Networking has never come naturally to me. I was always one who preferred to be known for my great work, and I found time at my desk to be the most productive. In my new role as a startup co-founder, great work alone isn’t enough. Networking will be critical to the success of LazyMeter.
I’ve been forcing myself out of my productive computer mode to various networking events in the Seattle area. Two months later, I’ve already built some very valuable connections. Just this week:
I was invited to present our idea to a group of investors. While we aren’t actively seeking investors, it’s great to build these relationships now, and presenting will be great experience.
I was invited to a consulting shop to meet the partners. In case you’re wondering, I’m establishing myself as a consultant for two reasons. First, cashflow is nice. And second, should the startup not work out, it’s the world I’d like to be in.
I’m getting coffee with a successful local entrepreneur and investor.
Here’s what I’ve learned in my first 2 months of schmoozing:
Force yourself to every event. It’s easy to make excuses not to go. Just remind yourself that you can always leave after 5 minutes if it’s not worth your time. I almost didn’t go to the event this week, and if I hadn’t the three wins above would not have happened.
Talk to as many people as you can. It sounds simple, but it’s easy to avoid it. Don’t get stuck talking to one person or group the whole time. Don’t just approach the people you’ve heard of. It’s too easy to miss meeting new contacts. And don’t make assumptions about people as an excuse not to meet them – these can be the most valuable contacts. Which brings me to the next point:
Especially talk to the people that blend in, perhaps even more so than the people who stick out.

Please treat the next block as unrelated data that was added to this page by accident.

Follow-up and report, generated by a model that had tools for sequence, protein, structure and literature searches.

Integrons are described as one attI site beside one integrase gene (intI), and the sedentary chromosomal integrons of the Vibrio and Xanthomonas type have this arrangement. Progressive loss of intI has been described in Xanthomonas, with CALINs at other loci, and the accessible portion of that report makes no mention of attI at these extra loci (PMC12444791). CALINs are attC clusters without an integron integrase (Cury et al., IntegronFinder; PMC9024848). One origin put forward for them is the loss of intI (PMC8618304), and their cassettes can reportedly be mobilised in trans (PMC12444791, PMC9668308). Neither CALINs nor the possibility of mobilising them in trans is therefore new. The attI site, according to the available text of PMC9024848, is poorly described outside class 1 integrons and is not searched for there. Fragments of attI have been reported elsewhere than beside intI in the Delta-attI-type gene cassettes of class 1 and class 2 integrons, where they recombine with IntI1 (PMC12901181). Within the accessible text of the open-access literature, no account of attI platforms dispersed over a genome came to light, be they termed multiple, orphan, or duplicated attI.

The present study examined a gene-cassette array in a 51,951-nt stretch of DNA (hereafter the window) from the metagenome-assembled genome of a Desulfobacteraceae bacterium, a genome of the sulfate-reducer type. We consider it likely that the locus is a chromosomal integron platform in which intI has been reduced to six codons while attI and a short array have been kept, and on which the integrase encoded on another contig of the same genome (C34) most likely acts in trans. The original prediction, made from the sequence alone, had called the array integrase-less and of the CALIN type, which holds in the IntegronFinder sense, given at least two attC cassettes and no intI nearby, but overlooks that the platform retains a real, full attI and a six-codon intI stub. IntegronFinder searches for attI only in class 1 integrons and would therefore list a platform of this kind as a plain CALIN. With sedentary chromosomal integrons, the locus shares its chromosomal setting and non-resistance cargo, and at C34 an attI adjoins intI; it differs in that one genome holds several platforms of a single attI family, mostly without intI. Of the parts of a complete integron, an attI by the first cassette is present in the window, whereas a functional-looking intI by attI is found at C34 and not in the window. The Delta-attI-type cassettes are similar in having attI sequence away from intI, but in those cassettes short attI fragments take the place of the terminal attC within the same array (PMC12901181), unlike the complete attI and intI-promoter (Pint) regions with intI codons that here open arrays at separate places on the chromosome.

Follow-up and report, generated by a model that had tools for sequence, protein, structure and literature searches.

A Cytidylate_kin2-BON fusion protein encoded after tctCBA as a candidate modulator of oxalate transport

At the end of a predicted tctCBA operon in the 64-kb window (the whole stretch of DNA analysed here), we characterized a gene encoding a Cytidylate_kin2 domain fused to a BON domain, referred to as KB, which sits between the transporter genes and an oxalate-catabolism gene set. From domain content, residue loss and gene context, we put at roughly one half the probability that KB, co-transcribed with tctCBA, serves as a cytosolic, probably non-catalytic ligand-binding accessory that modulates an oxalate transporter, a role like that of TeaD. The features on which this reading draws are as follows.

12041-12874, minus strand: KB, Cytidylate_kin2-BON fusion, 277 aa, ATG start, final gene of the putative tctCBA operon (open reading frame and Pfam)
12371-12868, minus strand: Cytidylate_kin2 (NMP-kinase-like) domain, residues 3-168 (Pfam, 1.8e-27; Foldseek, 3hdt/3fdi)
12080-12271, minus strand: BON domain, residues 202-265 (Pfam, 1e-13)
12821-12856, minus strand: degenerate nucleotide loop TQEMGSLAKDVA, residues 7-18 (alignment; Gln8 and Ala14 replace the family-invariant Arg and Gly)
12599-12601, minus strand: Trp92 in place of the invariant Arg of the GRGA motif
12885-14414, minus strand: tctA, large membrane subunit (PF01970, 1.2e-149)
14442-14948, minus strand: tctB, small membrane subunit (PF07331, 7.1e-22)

Be yourself. You don’t have to be intimidated by the professional networkers, and you’re not the only one who just wants to be yourself.
You don’t have to exaggerate or bullshit. Other people will, but you don’t have to play that game. Being honest and down to earth will stand out in the crowd.
Follow up. Always follow up. Even if it’s just “Was nice to meet you”. Following up seems to be a habit of very successful people. I’ve emailed Craig from craigslist and Jeff Bezos from Amazon. They both got back to me. Craig actually responded in under 10 minutes. And we hadn’t even met.
Pitch to everyone – slightly differently. This is great market research. I have completely changed the way I describe our product. When I used to say “task management”, people’s eyes would glaze over. When I say we’re a personal communication system, they lean forward and ask when it will be ready. It’s this practice that resulted in my being invited to meet with investors. I had actually met the guy who invited me over a month ago. When I approached him again with the same idea described a different way, he gave me his card.
Dress up just a bit, but not too much. Seattle is a jeans and t-shirt culture. That might be fine if you’re a developer, but if you’re not, polishing yourself up just a bit can result in being taken seriously by more people. At the same time, if you dress up too much, you risk being seen the wrong way. I wore a dress shirt to an event and nobody seemed to want to talk. I wore a nice sweater and people approached me.
Hand out business cards. Even if they’re the $5 vistaprint special. If people want to contact you, they will have something to remember you by. If they don’t want to contact you, they will remember you just a bit more. And with a very basic design, you will look like you are spending your time and money wisely.
This entry was posted on Friday, March 12th, 2010 at 7:26 am and is filed under Lessons. You can follow any responses to this entry through the RSS 2.0 feed.
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About The Author
Aaron Franklin left Microsoft in January 2010 to found LazyMeter.